Io Saturnalia!

12 17 romans in decadence thomas coutureToday is the first day of the ancient Roman feast of Saturnalia. It could last for three, five or seven days depending on how lucky you were and how your Emperor was feeling about it. It is a festival in honour of Saturn, the god of agriculture. He was said to have ruled the world in a golden age of plenty, when everyone was happy and well fed and no one had to work very hard. Its revelries reflected this lost, carefree existence. Saturnalia was popular all over the Roman Empire until the third or fourth century. Then, as Christianity took over, some of its customs became incorporated into Christmas and New Year celebrations. Holly, for example, was a plant sacred to Saturn and sprigs of it would be given as tokens to friends.

In the city of Rome, the statue of Saturn, at his main temple, normally had its feet bound in wool. This was removed for the festival in an act of liberation. A sacrifice would be made by a priest whose head was uncovered. Normally, during a ritual, he would be expected to have a part of his toga pulled up over his head to symbolise his holiness. Saturnalia is really a festival about turning normality upside down. Then, as the ancient Romans were wont to do, they took the image of their deity and placed him on a fancy couch so that he could participate in a public feast. It was a holiday from all forms of work. Schools were closed. No courts were in session, so no justice could be dispensed. War could not be declared.

People would greet each other with the salutation: “Io Saturnalia”. The ‘io’ part can be pronounced as a two syllable word or simply as ‘yo’, in case you want to use it yourself. It can be used as a ritual exclamation, an invocation, to announce a triumph or to punctuate a joke.

Saturnalia is a festival of role reversals and suspension of behavioural norms. Slaves were treated to a feast, perhaps served to them by their masters. They were also allowed to show disrespect, or at least pretend to, without fear of punishment. Men cast aside their togas in favour of something a bit more colourful, a Greek garment known as a synthesis. Apparently it was usually only worn around the house, but no one with any taste would be seen dead in it outside, unless it was Saturnalia. Also, Roman citizens would normally be bare-headed, unless they were doing something religious of course, but at Saturnalia they wore a conical felt cap called a pilleus, which was normally the mark of a freed slave. The slaves wore them too, even though they weren’t free. Everyone was a freed slave for Saturnalia. Gambling and games of dice were allowed for everyone too. Normally it would have been banned, or at least frowned upon. Everyone ate too much, everyone drank too much. It would have been unusual to find anyone who was sober. Saturnalia was everyone’s favourite festival.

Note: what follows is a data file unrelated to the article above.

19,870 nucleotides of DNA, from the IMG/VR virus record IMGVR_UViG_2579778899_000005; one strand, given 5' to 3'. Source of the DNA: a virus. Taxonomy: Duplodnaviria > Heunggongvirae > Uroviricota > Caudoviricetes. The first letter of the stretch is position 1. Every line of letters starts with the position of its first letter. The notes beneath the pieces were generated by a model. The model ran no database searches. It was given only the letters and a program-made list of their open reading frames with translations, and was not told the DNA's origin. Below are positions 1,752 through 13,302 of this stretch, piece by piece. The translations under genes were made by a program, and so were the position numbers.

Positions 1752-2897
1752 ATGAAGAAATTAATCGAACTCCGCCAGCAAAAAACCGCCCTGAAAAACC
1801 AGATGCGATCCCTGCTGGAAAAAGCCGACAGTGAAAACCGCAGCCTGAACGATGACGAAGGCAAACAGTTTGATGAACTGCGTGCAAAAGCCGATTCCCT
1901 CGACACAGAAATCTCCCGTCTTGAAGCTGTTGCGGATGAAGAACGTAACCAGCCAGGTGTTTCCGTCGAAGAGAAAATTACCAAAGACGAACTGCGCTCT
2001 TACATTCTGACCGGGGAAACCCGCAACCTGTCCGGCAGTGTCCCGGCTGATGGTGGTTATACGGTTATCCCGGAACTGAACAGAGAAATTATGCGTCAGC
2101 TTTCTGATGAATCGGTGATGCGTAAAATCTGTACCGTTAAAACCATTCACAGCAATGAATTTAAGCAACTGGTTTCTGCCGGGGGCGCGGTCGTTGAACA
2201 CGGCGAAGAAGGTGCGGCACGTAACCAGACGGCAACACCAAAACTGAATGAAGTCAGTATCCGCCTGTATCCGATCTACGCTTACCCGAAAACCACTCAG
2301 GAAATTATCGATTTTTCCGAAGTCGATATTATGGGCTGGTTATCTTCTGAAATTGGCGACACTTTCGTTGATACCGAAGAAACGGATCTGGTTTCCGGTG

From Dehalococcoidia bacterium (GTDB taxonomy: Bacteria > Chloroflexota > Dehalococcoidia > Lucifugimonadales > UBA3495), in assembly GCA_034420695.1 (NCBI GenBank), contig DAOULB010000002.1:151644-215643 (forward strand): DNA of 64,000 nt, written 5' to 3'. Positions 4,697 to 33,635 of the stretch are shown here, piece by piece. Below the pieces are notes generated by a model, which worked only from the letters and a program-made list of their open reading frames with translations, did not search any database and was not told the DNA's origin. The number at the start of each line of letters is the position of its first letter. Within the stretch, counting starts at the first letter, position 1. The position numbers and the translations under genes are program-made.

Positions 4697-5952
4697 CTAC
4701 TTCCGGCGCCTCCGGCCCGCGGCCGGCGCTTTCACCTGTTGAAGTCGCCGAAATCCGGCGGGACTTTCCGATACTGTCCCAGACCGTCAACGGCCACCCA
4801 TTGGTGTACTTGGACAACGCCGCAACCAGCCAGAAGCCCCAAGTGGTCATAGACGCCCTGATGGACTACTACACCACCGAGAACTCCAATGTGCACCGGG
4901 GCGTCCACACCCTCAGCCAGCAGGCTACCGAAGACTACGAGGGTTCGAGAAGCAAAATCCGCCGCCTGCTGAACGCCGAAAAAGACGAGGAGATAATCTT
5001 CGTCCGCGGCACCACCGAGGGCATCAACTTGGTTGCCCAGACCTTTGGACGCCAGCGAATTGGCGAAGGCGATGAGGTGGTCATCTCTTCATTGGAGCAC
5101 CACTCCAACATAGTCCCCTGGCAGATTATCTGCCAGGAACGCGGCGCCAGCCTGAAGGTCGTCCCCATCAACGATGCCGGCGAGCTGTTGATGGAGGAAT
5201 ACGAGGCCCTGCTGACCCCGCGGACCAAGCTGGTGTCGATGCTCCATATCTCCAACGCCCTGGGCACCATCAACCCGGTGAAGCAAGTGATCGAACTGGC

In Imperial Rome a ‘Saturnalicius princeps’ would be elected within a household as a master of ceremonies. He would be appointed by lot, and you had to obey all his commands. He might ask you to stick your head into a bucket of cold water or sing naked and you would have to do it. The more ridiculous the order, the better it was. This is very similar to the medieval ‘Lord of Misrule’. The King of Saturnalia does not appear during the Republican period, so he might be a satirical reaction against the idea of having a single ruler, in the form of an Emperor.

Part of the festival also included a day of gift-giving. Presents could be either large or small, but the traditional gifts were small figurines made from wax or clay called ‘sigillaria’. I don’t really know why, and it seems the Romans forgot too. In the fifth century a man called Macrobius wrote a book about Saturnalia. In it, two characters argue about the significance of the figures. One holds that they represent a human sacrifice whilst the other maintains that they are just toys for children. Whatever the gifts were about, it seems that the practice of re-gifting was alive and well in the first century. We know because a poet named Martius gives us a list of all the gifts he sent out and then received back again.


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